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February Banning Report

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February is traditionally the month of love, however vaping gets no love from the bevy of passed or potential banning legislation spreading across the country. Here’s the monthly rundown of what we’ve compiled for the second month of 2019:

  • New York-based Skidmore College, which went smoke- and vape-free at the beginning of the year. Outdoors are also included in the ban, according to The Saratogian.
  • Columbia City, SC, where Councilman Howard Duvall wants to ban vaping as an amendment to the existing smoke-free workplace ordinance. According to freetimes, bars and restaurants would be included in the ban.
  • As of mid-January, it’s now illegal to vape at New Jersey’s parks, forests, boardwalks, beaches or any state-owned property, reports NJSpotlight. First-time violators face $250 fines, second-time $500, with more adding up to a possible whopping $1,000, one of the strictest in the nation.
  • Alabama-based Decatur, where the city council has banned vaping in public buildings such as restaurants and bars, reports AL.com. The ban is an amendment to the existing smoking ban, which extends to “areas within 10 feet of the entrances of public places.”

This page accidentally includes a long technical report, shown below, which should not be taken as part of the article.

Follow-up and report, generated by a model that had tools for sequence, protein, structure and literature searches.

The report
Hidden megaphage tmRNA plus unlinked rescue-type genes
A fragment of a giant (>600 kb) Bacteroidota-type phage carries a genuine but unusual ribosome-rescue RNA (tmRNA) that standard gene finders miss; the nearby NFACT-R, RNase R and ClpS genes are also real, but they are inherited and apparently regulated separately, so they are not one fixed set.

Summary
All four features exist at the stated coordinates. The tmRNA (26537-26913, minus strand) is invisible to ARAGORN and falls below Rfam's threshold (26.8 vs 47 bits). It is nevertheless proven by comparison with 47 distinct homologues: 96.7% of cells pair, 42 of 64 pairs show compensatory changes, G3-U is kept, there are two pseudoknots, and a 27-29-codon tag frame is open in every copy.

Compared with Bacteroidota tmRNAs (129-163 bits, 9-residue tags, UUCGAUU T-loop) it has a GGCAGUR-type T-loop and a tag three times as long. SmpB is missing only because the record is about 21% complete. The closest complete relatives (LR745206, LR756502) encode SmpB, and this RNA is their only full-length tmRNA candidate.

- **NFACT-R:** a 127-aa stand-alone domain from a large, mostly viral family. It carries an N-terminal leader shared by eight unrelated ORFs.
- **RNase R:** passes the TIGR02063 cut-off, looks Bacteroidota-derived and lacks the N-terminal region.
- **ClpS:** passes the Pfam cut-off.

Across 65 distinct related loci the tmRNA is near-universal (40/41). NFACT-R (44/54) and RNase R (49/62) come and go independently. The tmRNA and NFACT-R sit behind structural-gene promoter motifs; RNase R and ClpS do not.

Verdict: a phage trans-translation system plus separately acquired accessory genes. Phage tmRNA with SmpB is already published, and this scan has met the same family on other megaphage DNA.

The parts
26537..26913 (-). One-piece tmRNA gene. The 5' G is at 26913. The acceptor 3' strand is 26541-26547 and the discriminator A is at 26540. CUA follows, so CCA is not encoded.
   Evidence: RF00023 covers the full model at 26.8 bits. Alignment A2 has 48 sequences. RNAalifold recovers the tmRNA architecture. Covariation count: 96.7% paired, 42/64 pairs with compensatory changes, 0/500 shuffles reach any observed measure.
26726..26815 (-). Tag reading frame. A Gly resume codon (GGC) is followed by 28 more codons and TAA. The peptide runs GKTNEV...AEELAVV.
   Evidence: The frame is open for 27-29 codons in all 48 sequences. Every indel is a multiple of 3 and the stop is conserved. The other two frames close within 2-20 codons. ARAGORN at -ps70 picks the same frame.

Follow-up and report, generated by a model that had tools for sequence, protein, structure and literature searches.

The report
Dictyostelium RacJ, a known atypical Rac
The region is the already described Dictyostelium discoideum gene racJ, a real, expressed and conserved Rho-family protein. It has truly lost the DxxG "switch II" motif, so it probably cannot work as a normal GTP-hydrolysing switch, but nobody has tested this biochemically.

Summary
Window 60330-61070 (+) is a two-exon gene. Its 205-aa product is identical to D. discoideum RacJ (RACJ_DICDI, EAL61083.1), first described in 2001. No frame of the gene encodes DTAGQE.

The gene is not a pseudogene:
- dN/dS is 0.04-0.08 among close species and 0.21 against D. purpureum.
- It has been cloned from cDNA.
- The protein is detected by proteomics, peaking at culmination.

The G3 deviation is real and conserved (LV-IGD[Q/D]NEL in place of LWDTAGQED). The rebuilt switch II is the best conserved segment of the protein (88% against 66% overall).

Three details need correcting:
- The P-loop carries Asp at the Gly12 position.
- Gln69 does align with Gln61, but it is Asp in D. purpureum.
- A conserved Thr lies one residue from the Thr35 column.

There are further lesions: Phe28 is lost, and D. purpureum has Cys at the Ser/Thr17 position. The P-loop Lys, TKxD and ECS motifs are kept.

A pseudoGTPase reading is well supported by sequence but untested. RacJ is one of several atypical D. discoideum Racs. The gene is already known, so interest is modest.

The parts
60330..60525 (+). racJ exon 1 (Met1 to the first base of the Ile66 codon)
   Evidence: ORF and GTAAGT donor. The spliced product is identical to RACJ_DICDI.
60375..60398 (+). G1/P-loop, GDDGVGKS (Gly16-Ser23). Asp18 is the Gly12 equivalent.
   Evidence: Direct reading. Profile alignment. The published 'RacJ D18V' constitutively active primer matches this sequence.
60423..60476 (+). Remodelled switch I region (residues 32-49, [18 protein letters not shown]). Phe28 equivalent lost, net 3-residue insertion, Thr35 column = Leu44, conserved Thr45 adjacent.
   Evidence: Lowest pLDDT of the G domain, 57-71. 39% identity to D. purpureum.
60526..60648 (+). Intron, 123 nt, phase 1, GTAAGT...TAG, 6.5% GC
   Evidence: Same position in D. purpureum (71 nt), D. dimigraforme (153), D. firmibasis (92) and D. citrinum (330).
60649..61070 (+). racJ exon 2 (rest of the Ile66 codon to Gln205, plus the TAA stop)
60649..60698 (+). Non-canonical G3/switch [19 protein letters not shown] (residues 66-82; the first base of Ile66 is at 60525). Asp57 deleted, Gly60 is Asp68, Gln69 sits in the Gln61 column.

• Tyler, TX, where the city council voted to extend the smoking ban to include no vaping in public places. The Tyler Morning Telegraph reports that the decision was unanimous.
  • The entire state of Massachusetts, where vaping has been banned in all workplaces, schools, restaurants, bars and taxis. This is an addition to the Massachusetts Smoke-Free Workplace Law, according to Athol Daily News.
  • Appleton, WI, where the Post Crescent reports that the Board of Health is asking the city to ban vaping in workplaces. This would be a modification to the existing city ordinance on smoke-free workplaces. It’s currently in the hands of the Common Council.
  • Denver, CO, where lawmakers also want to amend the existing Clean Indoor Air Act to include vaping. CBS Denver reports restaurants, workplaces and “most indoor areas open to the public” are in the act, and vaping would be banned within 25 feet of public buildings and workplaces.
  • Rome, GA, where the Rome News-Tribune reports that the town is mulling a smoking and vaping ban in the downtown area. The ban passed the public safety committee in January, with a second reading planned for February. Public comment can be held during the “citizen comments” section of City Hall meetings after a sign up. Under the ordinance, smoking and vaping would be prohibited “on all public property along Broad and its side streets, between East First and East Eighth avenues. Fines could be levied as $50 for first offense and up to $250 for subsequent offenses. Businesses also could be penalized anywhere from $100 to $500.
  • The Times Free Press reports that the University of Tennessee at Chattanooga has banned vaping on campus. This includes all university buildings and private vehicles.
  • Elon, NC, where the town has banned vaping and smoking on downtown streets, according to Fox 8. Fines of $50 could be levied, and for now enforcement consist of an honor system, but officers can levy fines after warnings.